Posted by Erin Nantell on November 18, 2011 3 Comments
Thanksgiving is by far my favorite holiday. I think it’s the
culmination of many of the things I enjoy—time with my family, great food,
comforting rituals and friendly conversation.
But why should Thanksgiving be the only memorable meal of
the year? There are many aspects of Thanksgiving that we can incorporate
into everyday meals. Especially after a tumultuous day, the time spent at the
dinner table should be a calming ritual where we can reconnect. But if your
family is anything like our family was a year ago, meals were more mayhem than
Slowly, we found little things that made meals with the
family much more enjoyable (including the fantastic Crunch a Color™ game).
Surprisingly, many of the things we’ve learned are things we do at Thanksgiving
too, but I never made the connection until now.
Here are a few tips to bring the best of Thanksgiving to our
family meals the other 364 days of the year:
Give your kids a job. Whether it’s washing the
veggies, baking dessert, coloring place cards, or setting the table, make them
Include seasonal side dishes in your meal plan.
You’ll save 70% by eating what’s in season too. What’s not to love about that?
Light a candle to signal the beginning of a meal
and snuff it out when it’s over. Kids get squirmy at long meals, but by making
it a ritual, with a defined beginning and end, you’ll help build impulse
What are you grateful for? I am not sure why
Thanksgiving was the only time of year that this was the topic of conversation
at the dinner table.They say
feeling gratitude is a significant contributor to happiness. As parents, if we
are positive and express gratitude, our child will pick up this attitude and
habit. For more conversation ideas, try the free, printable Crunch a Color™
conversation starter cards.
What Thanksgiving traditions does your family cherish? Can
you make them part of the everyday? Please share in the comments section below!
Mom of two reformed picky eaters, Erin Pasero credits Crunch a Color™ for making mealtime fun for her family. When she's not eating, she also blogs for HealthyHipMama.com.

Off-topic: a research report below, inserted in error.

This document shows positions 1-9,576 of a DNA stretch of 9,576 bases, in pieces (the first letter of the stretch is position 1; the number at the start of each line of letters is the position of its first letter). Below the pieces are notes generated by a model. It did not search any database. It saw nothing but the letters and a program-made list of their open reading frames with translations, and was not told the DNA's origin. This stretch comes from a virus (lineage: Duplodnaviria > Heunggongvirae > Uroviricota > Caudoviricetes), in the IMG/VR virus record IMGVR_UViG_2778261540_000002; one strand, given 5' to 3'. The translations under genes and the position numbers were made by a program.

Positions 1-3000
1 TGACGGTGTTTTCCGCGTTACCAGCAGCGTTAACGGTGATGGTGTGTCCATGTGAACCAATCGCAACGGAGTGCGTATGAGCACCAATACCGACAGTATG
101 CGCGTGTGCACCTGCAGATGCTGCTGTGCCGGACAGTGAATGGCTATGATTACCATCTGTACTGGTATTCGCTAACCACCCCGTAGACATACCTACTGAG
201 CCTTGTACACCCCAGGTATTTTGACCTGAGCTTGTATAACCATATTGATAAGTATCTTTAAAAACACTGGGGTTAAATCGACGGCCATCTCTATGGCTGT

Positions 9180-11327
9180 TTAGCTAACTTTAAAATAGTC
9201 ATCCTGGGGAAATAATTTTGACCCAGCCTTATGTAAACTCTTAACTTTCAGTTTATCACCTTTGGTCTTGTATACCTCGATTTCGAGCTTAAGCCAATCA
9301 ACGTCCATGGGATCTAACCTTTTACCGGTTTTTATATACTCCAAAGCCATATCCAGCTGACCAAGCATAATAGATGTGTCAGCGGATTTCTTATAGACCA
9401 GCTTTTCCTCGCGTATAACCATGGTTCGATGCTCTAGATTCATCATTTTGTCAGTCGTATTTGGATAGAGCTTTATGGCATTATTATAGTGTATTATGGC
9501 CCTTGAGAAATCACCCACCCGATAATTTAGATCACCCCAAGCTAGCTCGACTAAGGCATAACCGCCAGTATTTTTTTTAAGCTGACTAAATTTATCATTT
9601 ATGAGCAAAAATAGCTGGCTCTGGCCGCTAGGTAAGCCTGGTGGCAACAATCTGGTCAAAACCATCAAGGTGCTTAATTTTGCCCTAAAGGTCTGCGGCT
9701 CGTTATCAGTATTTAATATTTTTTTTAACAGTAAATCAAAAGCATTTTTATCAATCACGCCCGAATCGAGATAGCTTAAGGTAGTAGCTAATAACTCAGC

Posted by Jennifer Lee on November 14, 2011 0 Comments
The Crunch a Color™ kids talking healthy eating with the morning crew at
CBS' Good Day Sacramento! Watch how these picky eaters turned into
healthy eating fans playing Crunch a Color™ -- the award-winning
nutrition game that makes healthy eating fun and gives back to fight
Posted by Jennifer Lee on September 01, 2011 2 Comments
I know this kid. When she was
a toddler she ate everything. Then she turned three and her expansive palette narrowed
like a construction zone on El Camino. If you declare one more time, “You must
eat your broccoli before you can have dessert!” you might explode. How do you
get back on track? Here are my tips for how to eat healthy with picky eaters!
1. Keep it fun!
yell, “Get your shoes on,
we’re going to be late!” -- nothing happens. My husband exclaims, “Kids team
against Daddy, race ya!” and my kids are ready before I can put my coffee cup
in the dishwasher. A game is engaging and kids want to have fun. At the table,
count colors, share jokes, play “kids team” against parents. Bonus points for
good manners and trying new foods! Crunch a Color is a great tool for keeping it fun.
2. Let the kids choose.
Young children do not get
to control much, but they can control what they eat. Set them up for success by
serving up a balanced, colorful meal and then, in a fun and playful way, let
them choose. Think protein + 3 colors + healthy grains. This little formula gives
kids an easy to understand goal, then puts them in the driver’s seat. Be a role
model by making healthy choices for your own plate as well.
3. Be flexible.
What works for one child
might not for the other. Always be aiming for a colorful, balanced meal, but be
flexible in how you get there. Think about nutrition over the course of a week
as opposed to just one meal. Take what they already like and find new ways to
prepare it. If they like roast chicken, try a chicken with veggies stir fry.
Mostly, be patient, positive, and flexible.
This article appears in the October 2011 issue of Jen's column, Healthy Eating, that is featured in the Burlingame Mothers' Club
newsletter each month. The BMC is a local mothers group in the Bay Area
with over 1,700 members in Burlingame, Hillsborough and San Mateo. Jen
is an active member and former President of the club.